Edward Longshanks by Jean Plaidy
The last time I read a Jean Plaidy was when I was around thirteen or fourteen. At around the same time I had read a historical novel on Anne Boleyn and one on Marie Antoinette. I cannot for the life of me, even to this day, remember the names of the novels and which one belonged to Plaidy…but I do remember being left quite breathless by the end of it all!
Edward Longshanks also known as the Hammer of the Scots, was a lovely page turner. I simply enjoyed reading it as the history of England under the ruler of Edward I came alive. I found it most interesting that that he was a family man besides being a warrior. I simply didn’t expect it – although I should have if I had read something on his history. It was quite fascinating and rather extraordinary, in a way, to read about a monarch who adored his children, especially his daughters, and loved his wife. He must be one of the few monarchs, if not the only one, to have ever been faithful to his wife!
On reading the previous paragraph I realise that I sound like the book was only about Edward’s family life. I can assure, it was really all about a king whose ambition is to do as much as he can for England unlike the two kings who preceded him – Henry III who was indolent and ruled by his extravagant wife and John, the cruel younger brother of Richard the Lion Heart. We find, in King Edward, someone who is intelligent and clever, knowing exactly how to win the hearts and the loyalty of his subject. We also see an excellent warrior and general who inspires his soldiers to fight to win no matter how bad the odds.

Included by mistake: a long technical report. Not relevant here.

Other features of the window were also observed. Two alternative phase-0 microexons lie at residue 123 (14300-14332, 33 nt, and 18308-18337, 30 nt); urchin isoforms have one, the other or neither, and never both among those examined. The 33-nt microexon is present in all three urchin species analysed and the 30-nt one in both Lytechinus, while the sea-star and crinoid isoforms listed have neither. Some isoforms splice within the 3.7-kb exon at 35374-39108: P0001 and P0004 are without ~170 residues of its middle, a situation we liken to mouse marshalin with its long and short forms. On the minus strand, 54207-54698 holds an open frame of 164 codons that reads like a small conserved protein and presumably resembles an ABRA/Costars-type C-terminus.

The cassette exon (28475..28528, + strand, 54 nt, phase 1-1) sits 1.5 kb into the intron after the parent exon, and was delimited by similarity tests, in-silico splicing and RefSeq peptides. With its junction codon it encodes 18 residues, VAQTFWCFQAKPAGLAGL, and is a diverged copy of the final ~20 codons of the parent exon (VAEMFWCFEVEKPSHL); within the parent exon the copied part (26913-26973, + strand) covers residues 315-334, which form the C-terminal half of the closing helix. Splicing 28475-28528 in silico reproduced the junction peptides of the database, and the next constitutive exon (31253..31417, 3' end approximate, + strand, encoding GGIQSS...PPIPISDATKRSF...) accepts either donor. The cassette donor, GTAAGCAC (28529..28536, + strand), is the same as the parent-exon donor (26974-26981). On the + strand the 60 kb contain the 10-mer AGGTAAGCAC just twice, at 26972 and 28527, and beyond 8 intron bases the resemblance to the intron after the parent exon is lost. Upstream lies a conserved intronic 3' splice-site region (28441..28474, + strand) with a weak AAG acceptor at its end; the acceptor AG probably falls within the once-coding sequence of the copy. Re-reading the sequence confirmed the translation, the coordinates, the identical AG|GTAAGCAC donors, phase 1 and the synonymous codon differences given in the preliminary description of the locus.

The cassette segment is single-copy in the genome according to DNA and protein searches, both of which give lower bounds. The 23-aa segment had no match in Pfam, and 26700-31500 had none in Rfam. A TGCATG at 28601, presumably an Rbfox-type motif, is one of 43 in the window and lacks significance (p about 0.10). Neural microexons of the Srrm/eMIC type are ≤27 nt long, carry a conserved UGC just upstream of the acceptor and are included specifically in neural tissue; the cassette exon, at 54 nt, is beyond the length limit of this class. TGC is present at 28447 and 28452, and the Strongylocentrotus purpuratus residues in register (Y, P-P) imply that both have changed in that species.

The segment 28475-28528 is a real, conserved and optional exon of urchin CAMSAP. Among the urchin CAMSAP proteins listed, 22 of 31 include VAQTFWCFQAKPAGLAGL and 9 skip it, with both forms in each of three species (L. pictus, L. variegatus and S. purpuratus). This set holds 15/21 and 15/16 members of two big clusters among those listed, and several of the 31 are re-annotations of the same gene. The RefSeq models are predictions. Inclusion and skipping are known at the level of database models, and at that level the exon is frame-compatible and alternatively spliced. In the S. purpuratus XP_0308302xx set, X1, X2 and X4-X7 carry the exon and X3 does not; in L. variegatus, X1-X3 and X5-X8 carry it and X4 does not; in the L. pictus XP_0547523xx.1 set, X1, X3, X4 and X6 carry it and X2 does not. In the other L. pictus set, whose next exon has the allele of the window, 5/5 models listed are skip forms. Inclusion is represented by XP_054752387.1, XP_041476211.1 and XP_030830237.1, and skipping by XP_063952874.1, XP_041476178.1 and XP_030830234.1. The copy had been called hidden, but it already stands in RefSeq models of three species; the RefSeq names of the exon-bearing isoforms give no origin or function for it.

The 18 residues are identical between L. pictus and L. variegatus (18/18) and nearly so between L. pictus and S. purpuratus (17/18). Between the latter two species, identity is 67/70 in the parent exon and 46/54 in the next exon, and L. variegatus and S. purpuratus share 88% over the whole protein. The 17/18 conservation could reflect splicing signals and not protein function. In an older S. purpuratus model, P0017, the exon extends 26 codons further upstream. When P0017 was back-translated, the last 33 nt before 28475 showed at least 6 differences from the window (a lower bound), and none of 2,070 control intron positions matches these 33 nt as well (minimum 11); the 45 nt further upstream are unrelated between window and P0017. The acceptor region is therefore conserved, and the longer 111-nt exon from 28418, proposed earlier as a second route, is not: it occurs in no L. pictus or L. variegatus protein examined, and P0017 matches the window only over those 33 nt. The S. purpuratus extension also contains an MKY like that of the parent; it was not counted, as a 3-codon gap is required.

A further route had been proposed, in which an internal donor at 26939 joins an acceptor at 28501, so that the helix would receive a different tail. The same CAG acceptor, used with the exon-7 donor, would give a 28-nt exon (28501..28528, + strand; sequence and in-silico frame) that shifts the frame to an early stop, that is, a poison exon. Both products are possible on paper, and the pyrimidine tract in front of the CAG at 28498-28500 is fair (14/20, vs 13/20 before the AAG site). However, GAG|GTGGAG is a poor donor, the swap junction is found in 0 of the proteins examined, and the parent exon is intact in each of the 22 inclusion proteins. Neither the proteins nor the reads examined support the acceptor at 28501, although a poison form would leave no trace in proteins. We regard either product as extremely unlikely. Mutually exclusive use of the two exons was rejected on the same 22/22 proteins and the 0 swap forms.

Featured in this novel is also William Wallace of Braveheart fame. But, unlike in the movie – which portrays Wallace as a savage celt – we see a man who belongs to a wealthy family and has had the best of education. However, he does have a temper that match Mel Gibson’s Wallace.
While this novel was a real treat, presenting facts within a fictitious guise, it fell short of something. I cannot quite describe it. It was perhaps the fact that I couldn’t quite immerse myself into the book. Or maybe, my having had to read this book in fits and starts so has to carry out my chores prevented me from getting too involved in the tale. Nevertheless, this is what is responsible for my giving Edward Longshanks merely 4 stars on goodreads, although, I would have given it 4-1/2 starts if that were possible.
I would definitely recommend this book to anyone who enjoys history and a good story told.